“Avoid boring people”
This warning is the title of scientist James D. Watson’s memoir. (That’s Watson of Watson & Crick. DNA. Double helix. Adenine-Thymine base pairs. Bueller?)
Don’t worry about high school bio. Focus on the title. First, note the double meaning. It’s an admonition about who to avoid as well as a prescription for yourself. Two pieces of advice in one punchy aphorism. What a value. I can see how people might use the advice as a compass to find their orientation when they feel life has spun them around a few times.
You know me too well by now to know I can’t leave a perfectly fine adage with its ankles unbitten. Let’s deconstruct.
What does it even mean to be boring?
Feels a bit rubbery when you try to pin it down. Like that time the Supreme Court tried to define porn by appealing to common sense — “I know it when I see it”.
Maybe it’s easier to answer “what’s not boring?”
- Ordinary people with extraordinary life paths. Extreme example: Louie Zamperini from Unbroken whose life was Forrest Gump-esque.
- Very rich or famous people. They have access to exclusive life experiences. And their day-to-day life is hard to recognize to us normies. Chrissy Teigen did a candid AMA last December on Twitter if you want proof. (Link)
- People with dangerous jobs. CIA agents. Navy Seals. Lion tamers. Orca trainers. If you hang out with these people, you won’t even want to talk about yourself. You will naturally ask questions and listen.
- Excellence. This one might be personal, but I happen to find anyone who is elite at anything to be interesting. Maybe it’s a byproduct of the “unusual life path” definition. I’m strangely fascinated by the idea of spending 10,000 hours of shuffling cards to develop sleight of hand.
Even after listing what’s not boring, it’s hard to shake the sense that I’m just projecting my own preferences rather than honing in on some universal acceptance of “interesting”.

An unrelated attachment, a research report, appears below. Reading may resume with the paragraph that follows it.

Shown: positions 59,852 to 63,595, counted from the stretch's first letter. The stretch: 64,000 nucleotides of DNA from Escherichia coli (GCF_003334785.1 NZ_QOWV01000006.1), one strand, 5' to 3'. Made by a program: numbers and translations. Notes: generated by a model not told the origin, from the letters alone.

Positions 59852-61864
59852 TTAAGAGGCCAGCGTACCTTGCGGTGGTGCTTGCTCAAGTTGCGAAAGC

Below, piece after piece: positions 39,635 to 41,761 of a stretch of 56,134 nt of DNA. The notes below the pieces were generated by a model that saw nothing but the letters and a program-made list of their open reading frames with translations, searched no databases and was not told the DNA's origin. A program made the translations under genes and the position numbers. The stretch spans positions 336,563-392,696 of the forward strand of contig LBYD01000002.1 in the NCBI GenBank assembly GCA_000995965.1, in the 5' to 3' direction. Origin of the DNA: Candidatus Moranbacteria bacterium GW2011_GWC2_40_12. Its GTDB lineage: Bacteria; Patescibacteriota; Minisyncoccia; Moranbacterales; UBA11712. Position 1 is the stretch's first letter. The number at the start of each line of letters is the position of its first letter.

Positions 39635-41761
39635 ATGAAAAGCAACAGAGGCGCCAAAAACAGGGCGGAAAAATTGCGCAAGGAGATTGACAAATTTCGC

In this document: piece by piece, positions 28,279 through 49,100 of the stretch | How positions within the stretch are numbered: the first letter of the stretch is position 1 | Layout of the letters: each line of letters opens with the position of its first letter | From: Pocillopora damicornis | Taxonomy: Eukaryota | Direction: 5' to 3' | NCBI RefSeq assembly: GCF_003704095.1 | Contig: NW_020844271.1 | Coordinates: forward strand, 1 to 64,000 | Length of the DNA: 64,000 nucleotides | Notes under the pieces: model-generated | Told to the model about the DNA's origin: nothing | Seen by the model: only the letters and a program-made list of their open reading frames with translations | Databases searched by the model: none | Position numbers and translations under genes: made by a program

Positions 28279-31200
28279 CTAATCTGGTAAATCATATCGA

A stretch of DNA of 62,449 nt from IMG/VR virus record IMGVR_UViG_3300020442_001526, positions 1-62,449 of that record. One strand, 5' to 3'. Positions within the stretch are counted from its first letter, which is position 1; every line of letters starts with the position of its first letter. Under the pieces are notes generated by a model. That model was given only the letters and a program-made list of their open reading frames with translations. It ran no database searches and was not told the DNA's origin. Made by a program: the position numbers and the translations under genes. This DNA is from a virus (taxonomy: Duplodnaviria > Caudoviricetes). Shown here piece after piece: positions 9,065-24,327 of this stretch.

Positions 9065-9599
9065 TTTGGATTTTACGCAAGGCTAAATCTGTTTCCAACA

Why being less boring might not make you happier?
Tyler Cowen brought my attention to a 4-line short story:
We know only four boring people. The rest of our friends we find very interesting. However, most of the friends we find interesting find us boring: the most interesting find us the most boring. The few who are somewhere in the middle, with whom there is reciprocal interest, we distrust: at any moment, we feel, they may become too interesting for us, or we too interesting for them. — excerpted from Lydia Davis’ Samuel Johnson is Indignant (Link)
1) Within the dynamics of a relationship the spread of boringness between 2 individuals moderates trust. If your friend became famous and dropped into a different life petri dish of experience is it reasonable to expect your relationship to change? Probably.
2) Maybe boringness, like status, is zero-sum. If nobody is boring the word’s meaning calibrates to once again set a fixed proportion of people of and below the bar. If everyone shoots like Steph Curry the 3-point line will just get pushed back. Mental model fanboys and fangirls will recall the “red queen effect”.
“Avoid boring people” as a North Star is easily contradicted
1) Boringness is relative.
The pretty, rich brat teen Astrid in the Politician runs away from home because she’s bored of being part of the Santa Barbara super-affluent crowd. (I’m sure there are better examples but I couldn’t resist a dog whistle for fans of the Netflix series). She wants to be broke and feel risk, believing it will recharge her deadened senses.
Speculating aloud, if “boring” is indeed relative then our novelty-seeking instinct may be a vestige that outlived its usefulness. Boring may be nothing more than a perspective.
2) Dutiful grandmas
This is how I describe my mother and mother-in-law. I am thinking most people would look at these women’s lives and think “boring”. But they are tremendous inspirations because of how committed they are to their duties. I don’t need to expand on this. We all know these people. Unheralded heroes in our life stories. Nobody writes a Wikipedia page for them. They got a dance when their sons married for all they endured. Big whoop.
“Avoid boring people” feels like elitist advice when you put it under a microscope.
It’s just hustleporn
Venkat Rao, as he does, stirred the pot with a Twitter thread. (Link)
Here’s how I understand it. Self-described “lifelong learners” and the growth mindsetters are just following a religion they think will make them rich. These people are actually boring and if they ever fell into FU money, personal growth would cease being an altar to worship at. Being one of these self-described lifelong learners I had to take the bait and read the thread. Ouch.
So then I started wondering: is the “avoid boring people” crowd the same as the “lifelong learner” crowd? Is everyone in this Venn diagram just trying to get to any combo that includes “rich”? If you ever figure it out let me know.
If you have the time to actually be bored, sure shake it up. Get a pet. Do a local Skillshare or class. Find a rabbit hole. Get arrested. But organizing your life so as to not be boring is hardly a proven recipe for anything valuable. It might work for you. But remember “Avoid Boring People” is just a book title. Lots of them can work for you, I’m not convinced this one is special.